The “Come and Take It” flag is a symbol of Texas’ proudest moment, when Anglo immigrants’ defiance at Gonzales triggered the war for independence.
So now McDonald’s is using it to sell cheeseburgers?
Look, the Gonzales flag has taken a lot of abuse in recent years. It’s been adopted as an emblem for gun hobbyists, arguing that they have a right to tote a loaded cannon because God hisself put guns in our Constitution.
That, in turn, inspired satire, such as struggling schoolteachers’ flag with a “Come and Take It” sharpened pencil.
But now, Illinois-based McDonald’s is using it to sell a new Texas-market burger called the “Lone Star Stack.”
Ads show the burger topped with a black and white flag bearing a burger silhouette and a black Lone Star.
The message: “Come and Get It.”
The burger was designed by a Houston patron in a contest billed as “Come and Make It.”
It’s the latest in McDonald’s 20-year effort to appeal to Texas’ spicy tastes. It features double meat and cheese on Texas toast with bacon, barbecue sauce, pickles and onions.
One of several local McDonald’s franchisees, David Floyd of Mesquite, said through a marketing spokesman that the burger “showcases the true Texas spirit — a large burger with big taste and independently unique.” Texas franchisees are local owners, he said, who “take great pride in our Texas heritage.”
Since the Alamo image and slogans such as “Don’t Mess With Texas” are trademarked, I thought that surely someone at Gonzales could put a stop to all this rampant advertising abuse of the old colony’s treasured flag.
I sure wish we
Gonzales City Manager Allen Barnes
“I sure wish we had trademarked it,” said Allen Barnes, the city manager.
“Just last month, I was in a gift shop in Charleston [S.C.] and there was a T-shirt with ‘Come And Take It — Charleston.’ Look, that flag didn’t have bupkis to do with South Carolina.”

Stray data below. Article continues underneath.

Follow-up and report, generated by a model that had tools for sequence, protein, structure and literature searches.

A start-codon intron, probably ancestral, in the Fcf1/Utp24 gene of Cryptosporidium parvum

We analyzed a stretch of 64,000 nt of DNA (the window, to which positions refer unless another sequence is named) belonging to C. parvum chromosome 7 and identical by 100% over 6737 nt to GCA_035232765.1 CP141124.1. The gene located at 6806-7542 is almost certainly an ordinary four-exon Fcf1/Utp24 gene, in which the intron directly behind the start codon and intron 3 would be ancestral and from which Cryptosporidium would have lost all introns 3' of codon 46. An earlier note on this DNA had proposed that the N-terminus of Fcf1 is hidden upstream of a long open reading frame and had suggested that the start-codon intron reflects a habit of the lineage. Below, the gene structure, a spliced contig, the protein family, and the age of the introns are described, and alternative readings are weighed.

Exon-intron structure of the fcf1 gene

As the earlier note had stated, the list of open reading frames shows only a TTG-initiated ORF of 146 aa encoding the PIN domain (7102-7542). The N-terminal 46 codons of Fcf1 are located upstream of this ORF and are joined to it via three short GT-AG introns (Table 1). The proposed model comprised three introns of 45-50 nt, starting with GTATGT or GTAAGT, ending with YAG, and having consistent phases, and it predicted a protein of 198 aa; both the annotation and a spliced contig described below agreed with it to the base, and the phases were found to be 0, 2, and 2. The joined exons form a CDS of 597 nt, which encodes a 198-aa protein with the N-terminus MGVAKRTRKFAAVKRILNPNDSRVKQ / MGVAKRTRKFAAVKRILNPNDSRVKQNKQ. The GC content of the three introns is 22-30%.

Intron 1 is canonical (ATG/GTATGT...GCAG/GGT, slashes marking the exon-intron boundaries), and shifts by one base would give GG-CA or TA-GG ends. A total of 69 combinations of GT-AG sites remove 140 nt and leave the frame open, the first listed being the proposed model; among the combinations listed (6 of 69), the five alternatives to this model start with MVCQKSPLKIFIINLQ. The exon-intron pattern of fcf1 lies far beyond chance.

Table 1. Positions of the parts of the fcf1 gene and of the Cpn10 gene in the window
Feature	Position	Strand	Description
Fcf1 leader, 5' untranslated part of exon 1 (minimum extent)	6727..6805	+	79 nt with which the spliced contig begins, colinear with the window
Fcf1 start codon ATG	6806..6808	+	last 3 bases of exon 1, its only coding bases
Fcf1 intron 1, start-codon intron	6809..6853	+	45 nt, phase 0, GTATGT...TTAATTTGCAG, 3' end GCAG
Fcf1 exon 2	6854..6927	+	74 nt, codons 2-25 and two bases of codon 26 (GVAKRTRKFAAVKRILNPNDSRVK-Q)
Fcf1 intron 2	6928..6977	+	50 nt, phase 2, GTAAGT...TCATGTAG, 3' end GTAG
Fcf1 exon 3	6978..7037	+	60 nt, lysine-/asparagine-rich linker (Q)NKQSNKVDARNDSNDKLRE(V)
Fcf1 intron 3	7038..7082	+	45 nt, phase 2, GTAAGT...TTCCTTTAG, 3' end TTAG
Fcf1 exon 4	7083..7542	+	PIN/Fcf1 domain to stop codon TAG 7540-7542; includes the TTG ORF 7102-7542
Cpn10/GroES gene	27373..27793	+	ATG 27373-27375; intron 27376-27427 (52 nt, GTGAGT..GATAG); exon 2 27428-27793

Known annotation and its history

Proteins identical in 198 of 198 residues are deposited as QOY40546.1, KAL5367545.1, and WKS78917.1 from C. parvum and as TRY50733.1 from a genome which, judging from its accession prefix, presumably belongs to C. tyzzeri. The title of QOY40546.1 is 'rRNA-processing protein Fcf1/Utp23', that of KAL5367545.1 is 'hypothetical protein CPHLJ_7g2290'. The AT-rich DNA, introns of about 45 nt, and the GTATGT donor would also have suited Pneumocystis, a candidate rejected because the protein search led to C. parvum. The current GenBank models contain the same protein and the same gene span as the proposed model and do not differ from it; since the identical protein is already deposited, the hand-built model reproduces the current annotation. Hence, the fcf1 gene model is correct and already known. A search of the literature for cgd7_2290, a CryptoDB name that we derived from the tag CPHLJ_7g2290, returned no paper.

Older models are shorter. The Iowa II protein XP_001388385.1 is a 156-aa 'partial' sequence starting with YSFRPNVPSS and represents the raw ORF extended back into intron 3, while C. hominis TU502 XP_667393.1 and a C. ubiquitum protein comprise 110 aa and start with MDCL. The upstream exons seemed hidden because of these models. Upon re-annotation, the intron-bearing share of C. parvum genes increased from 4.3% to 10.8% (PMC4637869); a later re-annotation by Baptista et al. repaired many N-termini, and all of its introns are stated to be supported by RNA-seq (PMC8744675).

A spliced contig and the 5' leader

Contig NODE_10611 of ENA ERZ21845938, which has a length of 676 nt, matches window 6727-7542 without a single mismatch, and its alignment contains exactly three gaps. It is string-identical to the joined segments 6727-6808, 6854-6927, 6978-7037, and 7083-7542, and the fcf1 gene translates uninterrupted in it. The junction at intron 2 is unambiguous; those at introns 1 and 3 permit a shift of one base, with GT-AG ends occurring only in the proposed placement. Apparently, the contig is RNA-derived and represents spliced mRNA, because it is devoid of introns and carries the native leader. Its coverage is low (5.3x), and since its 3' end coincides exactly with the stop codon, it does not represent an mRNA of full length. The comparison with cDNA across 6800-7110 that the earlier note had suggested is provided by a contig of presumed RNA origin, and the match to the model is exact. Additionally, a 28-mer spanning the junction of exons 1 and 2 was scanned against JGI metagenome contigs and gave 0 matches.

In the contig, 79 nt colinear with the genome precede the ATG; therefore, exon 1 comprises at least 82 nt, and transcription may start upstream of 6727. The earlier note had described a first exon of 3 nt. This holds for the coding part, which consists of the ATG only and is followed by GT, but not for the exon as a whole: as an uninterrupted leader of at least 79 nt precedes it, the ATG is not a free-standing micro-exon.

The way the story goes, Gonzales settler Sarah Seely DeWitt, then 48, and her daughter, Naomi, cut up Naomi’s wedding dress to make one of the first flags in 1835.
A Mexican army lieutenant had asked the Anglo immigrants to give back the cannon, which Mexico had given them in 1831 for protection against American Indian tribes. By 1835, the revolution was beginning, and the settlers kept the Mexican cannon, daring Mexican soldiers to come for it and killing two in a brief confrontation.
The brief confrontation over a small cannon is billed as the “Lexington of Texas.”
Historians say it wasn’t much of a battle, and the Mexican army withdrew rather than provoke tensions, but it’s billed as the “Lexington of Texas” and the first battle of the Anglos’ and Tejanos’ revolution.
“What it means to us is what it meant then — we have Texas spirit here, and you can’t take it,” Barnes said.
Both the chamber of commerce and the city sell and give away “Come and Take It” flags, and the city has an annual Come and Take It Festival with no rights fees paid to anyone.
“Our attorney researched it and said we cannot make any claim,” Barnes said.
“It’s on everything from AR-15s to wine bottles.”
Barnes said he’s a little bothered to see the town symbol used to sell burgers, “but I can’t change it.”
“Maybe it’ll draw more people to come to Gonzales and see what we have here,” he said.
The local McDonald’s is on a street named for Sarah DeWitt.